See captivating creations that span artist Bill Freeland’s industrious 50-year career, from early paintings to sculptures never before exhibited, at the first showing of the Chester County native’s work since his death in 2009.
A self-proclaimed “abstract realist,” Freeland originally studied as a painter under Hans Hoffmann, the famous German-American abstract expressionist. From there, he transitioned into dimensional wall constructions and sculptures. He was a beloved professor at the Moore College of Art for more than 20 years and traveled often to County Mayo, Ireland, the home of his ancestors.
Freeland’s work addresses work itself, and his inspiration by such items as windmills, farming tools, and boats is most evident in his sculptures. “Inverted Yoke,” for instance, opens up an “ancient oppressive symbol” in order to re-imagine it as a sign of liberty. This particular piece was selected by the National Academy Museum for the museum’s 183rd biennial non-member invitational exhibition.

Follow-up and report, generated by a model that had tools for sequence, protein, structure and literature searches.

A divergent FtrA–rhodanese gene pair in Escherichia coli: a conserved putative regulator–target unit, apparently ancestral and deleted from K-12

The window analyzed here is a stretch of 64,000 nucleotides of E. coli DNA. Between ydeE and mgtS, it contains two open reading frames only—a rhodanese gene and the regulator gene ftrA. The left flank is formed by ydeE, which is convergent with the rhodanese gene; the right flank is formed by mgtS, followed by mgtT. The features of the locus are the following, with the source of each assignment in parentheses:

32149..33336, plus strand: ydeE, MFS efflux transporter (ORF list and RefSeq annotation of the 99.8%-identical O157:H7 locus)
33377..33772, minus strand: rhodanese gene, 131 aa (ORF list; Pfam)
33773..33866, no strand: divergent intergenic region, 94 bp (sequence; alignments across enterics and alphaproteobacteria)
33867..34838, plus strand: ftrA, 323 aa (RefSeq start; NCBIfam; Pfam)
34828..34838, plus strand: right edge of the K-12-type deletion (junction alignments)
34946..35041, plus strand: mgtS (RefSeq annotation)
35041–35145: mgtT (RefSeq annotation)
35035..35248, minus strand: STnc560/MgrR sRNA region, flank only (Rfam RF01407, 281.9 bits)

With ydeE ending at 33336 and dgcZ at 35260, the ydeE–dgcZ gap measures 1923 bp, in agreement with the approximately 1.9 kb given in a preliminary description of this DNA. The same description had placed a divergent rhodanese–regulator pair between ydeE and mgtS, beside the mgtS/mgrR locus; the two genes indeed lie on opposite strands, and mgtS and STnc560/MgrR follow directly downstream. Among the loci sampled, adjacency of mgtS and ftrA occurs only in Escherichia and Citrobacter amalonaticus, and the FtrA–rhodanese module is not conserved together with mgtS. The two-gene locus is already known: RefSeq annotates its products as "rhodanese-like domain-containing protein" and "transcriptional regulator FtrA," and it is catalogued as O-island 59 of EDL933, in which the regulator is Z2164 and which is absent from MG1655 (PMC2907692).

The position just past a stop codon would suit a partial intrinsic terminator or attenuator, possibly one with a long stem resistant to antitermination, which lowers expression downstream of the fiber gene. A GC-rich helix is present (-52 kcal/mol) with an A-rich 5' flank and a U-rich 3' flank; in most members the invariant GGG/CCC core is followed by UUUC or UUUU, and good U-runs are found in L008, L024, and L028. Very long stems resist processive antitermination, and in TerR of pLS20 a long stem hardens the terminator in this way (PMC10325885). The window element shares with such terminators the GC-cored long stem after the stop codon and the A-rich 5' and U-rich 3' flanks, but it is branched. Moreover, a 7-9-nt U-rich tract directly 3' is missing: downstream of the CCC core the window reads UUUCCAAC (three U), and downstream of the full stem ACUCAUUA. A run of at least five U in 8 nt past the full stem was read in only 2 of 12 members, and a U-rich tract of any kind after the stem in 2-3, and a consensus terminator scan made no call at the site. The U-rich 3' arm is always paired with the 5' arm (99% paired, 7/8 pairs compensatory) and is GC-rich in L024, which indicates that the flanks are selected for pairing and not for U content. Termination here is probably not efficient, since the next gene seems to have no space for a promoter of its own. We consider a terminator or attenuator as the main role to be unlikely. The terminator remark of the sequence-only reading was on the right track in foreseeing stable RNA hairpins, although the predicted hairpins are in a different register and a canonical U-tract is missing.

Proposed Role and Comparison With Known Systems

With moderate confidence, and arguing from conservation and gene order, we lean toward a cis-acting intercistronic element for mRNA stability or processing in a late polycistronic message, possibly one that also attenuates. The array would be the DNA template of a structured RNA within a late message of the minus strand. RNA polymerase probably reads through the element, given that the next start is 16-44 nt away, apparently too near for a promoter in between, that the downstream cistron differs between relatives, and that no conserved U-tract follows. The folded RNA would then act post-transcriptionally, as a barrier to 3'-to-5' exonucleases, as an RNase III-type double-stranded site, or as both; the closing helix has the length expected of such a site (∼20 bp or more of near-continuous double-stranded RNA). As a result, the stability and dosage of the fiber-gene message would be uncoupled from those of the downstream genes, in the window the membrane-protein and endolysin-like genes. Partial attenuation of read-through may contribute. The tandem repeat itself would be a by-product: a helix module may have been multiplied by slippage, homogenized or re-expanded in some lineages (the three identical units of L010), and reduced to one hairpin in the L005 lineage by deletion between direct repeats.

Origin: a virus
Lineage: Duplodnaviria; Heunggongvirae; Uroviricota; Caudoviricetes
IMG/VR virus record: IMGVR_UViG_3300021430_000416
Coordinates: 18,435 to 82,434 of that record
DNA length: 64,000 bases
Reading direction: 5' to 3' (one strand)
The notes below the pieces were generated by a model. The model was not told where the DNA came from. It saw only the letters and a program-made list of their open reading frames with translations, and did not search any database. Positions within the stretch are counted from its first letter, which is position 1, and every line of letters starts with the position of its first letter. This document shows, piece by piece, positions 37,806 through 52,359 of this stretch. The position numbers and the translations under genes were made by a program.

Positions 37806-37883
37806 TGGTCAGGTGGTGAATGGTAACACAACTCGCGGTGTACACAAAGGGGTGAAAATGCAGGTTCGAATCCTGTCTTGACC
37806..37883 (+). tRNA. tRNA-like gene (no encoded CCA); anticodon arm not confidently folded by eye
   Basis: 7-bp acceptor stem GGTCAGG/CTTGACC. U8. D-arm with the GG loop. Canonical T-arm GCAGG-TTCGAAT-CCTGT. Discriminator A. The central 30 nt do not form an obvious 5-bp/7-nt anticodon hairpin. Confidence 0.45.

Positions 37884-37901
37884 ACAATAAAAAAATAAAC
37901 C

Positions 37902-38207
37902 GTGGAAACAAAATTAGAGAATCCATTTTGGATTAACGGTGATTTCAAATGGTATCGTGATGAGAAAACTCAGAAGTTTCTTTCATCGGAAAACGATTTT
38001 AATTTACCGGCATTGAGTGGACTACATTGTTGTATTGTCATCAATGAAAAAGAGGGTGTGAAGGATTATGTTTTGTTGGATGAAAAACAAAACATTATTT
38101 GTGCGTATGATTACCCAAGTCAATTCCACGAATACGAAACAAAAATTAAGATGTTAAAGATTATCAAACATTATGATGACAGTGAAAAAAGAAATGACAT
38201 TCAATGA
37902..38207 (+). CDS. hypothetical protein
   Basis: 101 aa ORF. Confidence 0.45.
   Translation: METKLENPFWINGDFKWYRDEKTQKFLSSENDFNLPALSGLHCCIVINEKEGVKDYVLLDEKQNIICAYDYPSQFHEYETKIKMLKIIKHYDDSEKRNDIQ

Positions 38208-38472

Freeland gave numerous solo exhibitions at galleries including the Delaware Art Museum, the Royal Hibernian Academy of Art, and the Dolan/Maxwell Gallery in New York. His many awards include a 1989 Pollock-Krasner Foundation Grant and a 2008 Agop Agopoff Sculpture Award.
The upcoming exhibition, “Beginnings,” is located at the Serpentine Gallery in West Chester, where it opens May 3. Freeland’s son Erik will host the opening reception on May 6, from 6-9pm. The exhibition runs through May 31.